A quick, marathon-like listing of some of Adorno’s main themes can be found here.
This movie, like its characters, runs the risk of looking snobby. Yet, like its characters, it’s anything but. Somewhat defending the protagonists of the film, and perhaps himself, Jim Jarmusch said “if you and I were alive for 500, 1,000, 2,000 years, we would certainly appear as snobs to everyone else, because our knowledge and experience would be so much more vast”
The definition of a snob is this “one who tends to patronize, rebuff, or ignore people regarded as social inferiors and imitate, admire, or seek association with people regarded as social superiors; one who affects an offensive air of self-satisfied superiority in matters of taste or intellect.”
The true snob, by definition then, is an empty person whose character is shaped from outside elements, every action is carefully calculated to fit in with this “snob” image. Snobs, create their image looking outwardly, rather than inwardly. In simpler terms, they live for others, not their own joy. Nothing about the definition of a snob points towards experiencing the maximum of life, loving, suffering, learning to become richer for yourself and those who surround you. And that is why Jarmusch mentions "appearing as snobs to everyone else". It is a matter of "appearing", not actually "being".
The protagonists seem snobby to the young sister in the film and to the audience because she/the audience cannot understand them. It is not a “snob” show that they put on. It’s achieving a certain level of knowledge and experience which merely makes it look like that but don’t be fooled. There’s nothing snobby, here. The film is full of knowledge and experience and, as such, cannot immediately appeal to all. It is not affecting an air of superiority, but being who it is, regardless of the audience. And while pushing you to learn, it’s also telling you to love. Those are indeed connected, but showing you their connection while also using vampires is quite e feat. The more I think of the film, the more I’m inspired.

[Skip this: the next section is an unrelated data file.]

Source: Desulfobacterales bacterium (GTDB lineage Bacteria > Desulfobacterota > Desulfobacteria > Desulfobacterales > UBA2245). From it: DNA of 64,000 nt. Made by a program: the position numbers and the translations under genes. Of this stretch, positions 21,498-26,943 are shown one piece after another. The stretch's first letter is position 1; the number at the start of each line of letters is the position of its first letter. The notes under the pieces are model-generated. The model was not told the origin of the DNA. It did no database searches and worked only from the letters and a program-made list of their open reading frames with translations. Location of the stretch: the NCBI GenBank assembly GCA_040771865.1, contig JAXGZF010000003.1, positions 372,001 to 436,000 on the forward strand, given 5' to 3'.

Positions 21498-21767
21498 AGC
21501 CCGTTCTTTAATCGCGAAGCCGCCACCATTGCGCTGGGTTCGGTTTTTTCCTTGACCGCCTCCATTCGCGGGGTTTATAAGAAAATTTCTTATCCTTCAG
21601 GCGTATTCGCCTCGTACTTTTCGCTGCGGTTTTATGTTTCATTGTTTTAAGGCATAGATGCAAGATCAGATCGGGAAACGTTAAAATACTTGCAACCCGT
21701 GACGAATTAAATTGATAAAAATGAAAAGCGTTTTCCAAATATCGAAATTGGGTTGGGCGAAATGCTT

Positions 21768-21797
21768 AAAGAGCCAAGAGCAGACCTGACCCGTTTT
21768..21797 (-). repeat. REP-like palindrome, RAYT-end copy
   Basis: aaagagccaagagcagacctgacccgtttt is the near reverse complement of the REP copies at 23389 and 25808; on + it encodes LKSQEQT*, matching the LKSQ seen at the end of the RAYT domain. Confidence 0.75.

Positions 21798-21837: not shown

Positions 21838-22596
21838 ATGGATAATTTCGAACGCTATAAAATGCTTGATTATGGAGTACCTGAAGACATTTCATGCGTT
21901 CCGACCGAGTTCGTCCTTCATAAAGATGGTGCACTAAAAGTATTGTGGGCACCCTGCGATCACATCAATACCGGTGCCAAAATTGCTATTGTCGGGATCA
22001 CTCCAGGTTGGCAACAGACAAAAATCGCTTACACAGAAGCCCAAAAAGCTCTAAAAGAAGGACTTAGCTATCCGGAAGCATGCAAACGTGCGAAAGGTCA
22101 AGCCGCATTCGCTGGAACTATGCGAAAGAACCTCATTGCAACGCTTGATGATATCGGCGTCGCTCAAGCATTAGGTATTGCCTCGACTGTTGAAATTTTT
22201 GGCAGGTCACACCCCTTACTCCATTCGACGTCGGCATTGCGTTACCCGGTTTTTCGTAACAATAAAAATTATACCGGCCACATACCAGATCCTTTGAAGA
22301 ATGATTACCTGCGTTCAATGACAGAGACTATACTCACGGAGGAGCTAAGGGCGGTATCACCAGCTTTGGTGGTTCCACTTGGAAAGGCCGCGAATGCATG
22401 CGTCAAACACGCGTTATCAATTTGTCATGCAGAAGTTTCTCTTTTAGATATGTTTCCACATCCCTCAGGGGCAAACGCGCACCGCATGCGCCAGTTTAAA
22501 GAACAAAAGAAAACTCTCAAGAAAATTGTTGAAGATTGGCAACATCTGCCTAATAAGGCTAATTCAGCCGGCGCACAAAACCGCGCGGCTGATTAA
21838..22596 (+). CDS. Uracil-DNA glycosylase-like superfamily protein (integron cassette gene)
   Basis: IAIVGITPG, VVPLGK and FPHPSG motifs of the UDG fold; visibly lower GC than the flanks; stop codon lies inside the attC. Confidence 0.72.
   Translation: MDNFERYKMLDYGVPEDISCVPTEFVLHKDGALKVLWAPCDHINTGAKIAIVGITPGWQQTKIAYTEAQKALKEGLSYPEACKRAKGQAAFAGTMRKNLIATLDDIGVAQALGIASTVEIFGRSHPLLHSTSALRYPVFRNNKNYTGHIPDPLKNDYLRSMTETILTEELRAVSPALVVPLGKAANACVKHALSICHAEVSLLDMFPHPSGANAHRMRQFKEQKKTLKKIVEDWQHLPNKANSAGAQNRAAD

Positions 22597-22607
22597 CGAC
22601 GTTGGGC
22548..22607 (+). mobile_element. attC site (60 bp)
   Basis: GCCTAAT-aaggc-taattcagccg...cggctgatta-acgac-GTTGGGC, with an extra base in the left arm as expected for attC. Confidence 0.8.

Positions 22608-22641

The following review best describes what I thought about the film title's meaning:
In what sense are Adam and Eve “lovers”?
That word defines the two, in fact, not in their arching romance but in their throbbing addiction. It’s entirely at odds with their cool, world-weary exterior, and maybe that’s the point. These two might sip their O negative elegantly, in crystal stemware like a fine liqueur, but there’s nothing elegant about the sudden thirst that overcomes them when they are presented with the sight of blood, as Adam is when he goes to the hospital to get his contraband supply, and Eve is when a neighboring passenger on the plane cuts his finger. This thirst is raw, visceral, irresistible.
To be a “lover” is to know this thirst, to be possessed by it, and to last for an eternity because it does. The title of the film might in fact refer not to Adam and Eve alone, but to a legion of persons just like them, in the grips of an ancient urging and kept forever alive by it. Is this a metaphor for something else — a love of literature, perhaps, or a love of music? It could be. The latter is especially plausible, given the film’s own addiction to its nonstop musical numbers; given the dominant visual conceit of the spinning vinyl record doubling as the rotation of the heavens; and, most of all, given the primordial, show-stopping sounds of the Lebanese singer Yasmine Hamdan, a fusion of electronica and Arabic that brings the film to its vampiric end.